Varsity girls start league games with clean slate

October 1, 2005

The Hood River Valley High School girls’ varsity soccer team started strong in their final pre-season game Tuesday afternoon against the Barlow Bruins. They played the first ten minutes or so like they wanted to, like they have been practicing. They kept their formation, they passed well and they spread the field by working the ball out to the wings.

But then they lost steam. The team’s strategies broke down a bit and Barlow slipped by 2-0 by the end of the game.

“It was a disappointing loss,” said Coach Joe Kelly. “We lost focus and started dribbling the ball instead of passing and our defensive pressure in the midfield was less effective.”

The girls continue to improve, however, even though Tuesday’s score did not show a win.

“The team has a lot of potential,” commented assistant coach Clarke Bryant. “The girls are getting better and better every game and they are staying close as a team. They really care for each other.”

With the loss, the teams’ record moves to 2-4 overall. The good news is, all six of the games so far have been non-league. The Eagles got a fresh start and a fresh record to start with in their first league match Friday afternoon at Bend High School. As of press time game results were not available.

Junior varsity

The junior varsity girls demolished Barlow in a blow-out 10-0 victory. Goal scorers in the game were: Kylee Slaughton, Keala Van Swaay, Erin Costello, Kari Hidle, Julie Hazlett, Sara Evas, and Jessica Ortiz.

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Parkdale third graders sing "12 Disaster Days of Christmas"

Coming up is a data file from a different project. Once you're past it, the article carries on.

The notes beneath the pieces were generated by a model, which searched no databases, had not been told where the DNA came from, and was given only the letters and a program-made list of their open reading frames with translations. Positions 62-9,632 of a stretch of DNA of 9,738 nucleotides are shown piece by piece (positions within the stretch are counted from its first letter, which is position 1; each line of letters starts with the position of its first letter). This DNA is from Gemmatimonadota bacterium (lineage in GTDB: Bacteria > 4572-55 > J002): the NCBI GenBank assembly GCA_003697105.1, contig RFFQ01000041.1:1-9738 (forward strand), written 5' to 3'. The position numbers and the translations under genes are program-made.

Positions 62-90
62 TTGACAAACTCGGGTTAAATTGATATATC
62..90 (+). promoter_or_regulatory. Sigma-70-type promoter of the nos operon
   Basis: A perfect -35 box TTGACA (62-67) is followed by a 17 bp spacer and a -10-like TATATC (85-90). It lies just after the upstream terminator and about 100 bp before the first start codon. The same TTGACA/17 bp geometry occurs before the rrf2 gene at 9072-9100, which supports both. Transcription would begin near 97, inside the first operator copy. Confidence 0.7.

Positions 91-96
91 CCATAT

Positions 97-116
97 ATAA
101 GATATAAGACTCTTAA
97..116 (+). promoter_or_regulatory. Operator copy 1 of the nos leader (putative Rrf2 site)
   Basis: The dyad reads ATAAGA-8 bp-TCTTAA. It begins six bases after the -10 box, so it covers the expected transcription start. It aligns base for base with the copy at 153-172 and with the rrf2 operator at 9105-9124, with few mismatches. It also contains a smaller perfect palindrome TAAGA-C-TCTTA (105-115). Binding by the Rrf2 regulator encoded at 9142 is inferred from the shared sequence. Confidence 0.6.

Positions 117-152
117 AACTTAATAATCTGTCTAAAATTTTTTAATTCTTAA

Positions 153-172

Welcome to your sing-able Christmas gift list. What follows is an emergency rendition of “12 Days of Christmas” – for outfitting your home or car in case of snow storm, earthquake, flood or other emergency. Read it as a simple list, or sing it to the tune of “12 Days” – you know, as in “ … and a partridge in a pear tree…” Not to make light of it, but the song is a familiar framework for a set of gift ideas that you could consider gathering together, even if the recipient already owns items such as a bunch of coats, tire chains and flashlights. Stores throughout the Gorge are stocked up on all these items. Buying all 12 days might be prohibitive, but here are three ideas for checking any of the dozen off your list (notations follow, 1-12.) The gift items needed to stay warm, dry and safe are also coded to suggest items in your abode (A) in your car (C) or both (B). 12 Gallons of Water (A) 11 Family meals (B) 10 Cans of propane (A) 9 Hygiene bags (B) 8 Packs of batteries (A) 7 Spare coats (B) 6 Bright red flares (C) 5 Cozy blankets (B) 4 Tire chains (C) 3 Flashlights (B) 2 cell phone chargers (B) 1 And a crush-proof first aid kit (B) Price ranges? Here’s a few quotes for days Three, Two, Four and Nine: n A family gift of flashlights (three will run $15-30, Hood River Supply, Tum-A-Lum) n Cell phone chargers (two will run $30-60) n Tire chains (basic set, $30, Les Schwab, returnable if unused for the winter) n Family meals ($100 or so should cover the basics for three or four reasonably well-fed days) n The home kit should be kept in a handy place near an exit, and remember that water needs to be replenished every few months. If you have a solid first aid kit already, switch out the gift idea with “and-a-sto-o-u-t- tub-for it-all …” Otherwise, it’s a case of assembling your home or car kits and making sure all members of the family know what the resources are and how to use them (ie flares and propane). Emergency situations are at worst life-threatening, at best deeply uncomfortable if you and your family are left without power for an extended period, or traveling and find yourself in a situation where you need to wait out a storm, lengthy traffic delay, or other crisis. Notes on the 12 gift ideas: 12 – Gallons of water: that’s one per person in a four-member family to last for three days, the recommended minimum to be prepared for utility outages. 11 – Easy-open packaged goods, energy bars, dried food and nuts are good things to include for nutrition. Think of what your family of four needs for three days to stay fortified and hydrated (see number 12). Can-opener also recommended 10 – If you have a propane camping stove, keep extra fuel handy. 9 – Hygiene bags: put packaged moistened towelettes, toilet paper, and plastic ties in large garbage bags (for personal sanitation) Resource list courtesy of Hood River County Emergency Management, Barbara Ayers, manager/ 541-386-1213. The county also reminds residents to Get a Kit, Make A Plan to connect your family if separated, and Stay Informed. See to opt-in for citizen alerts. Enlarge

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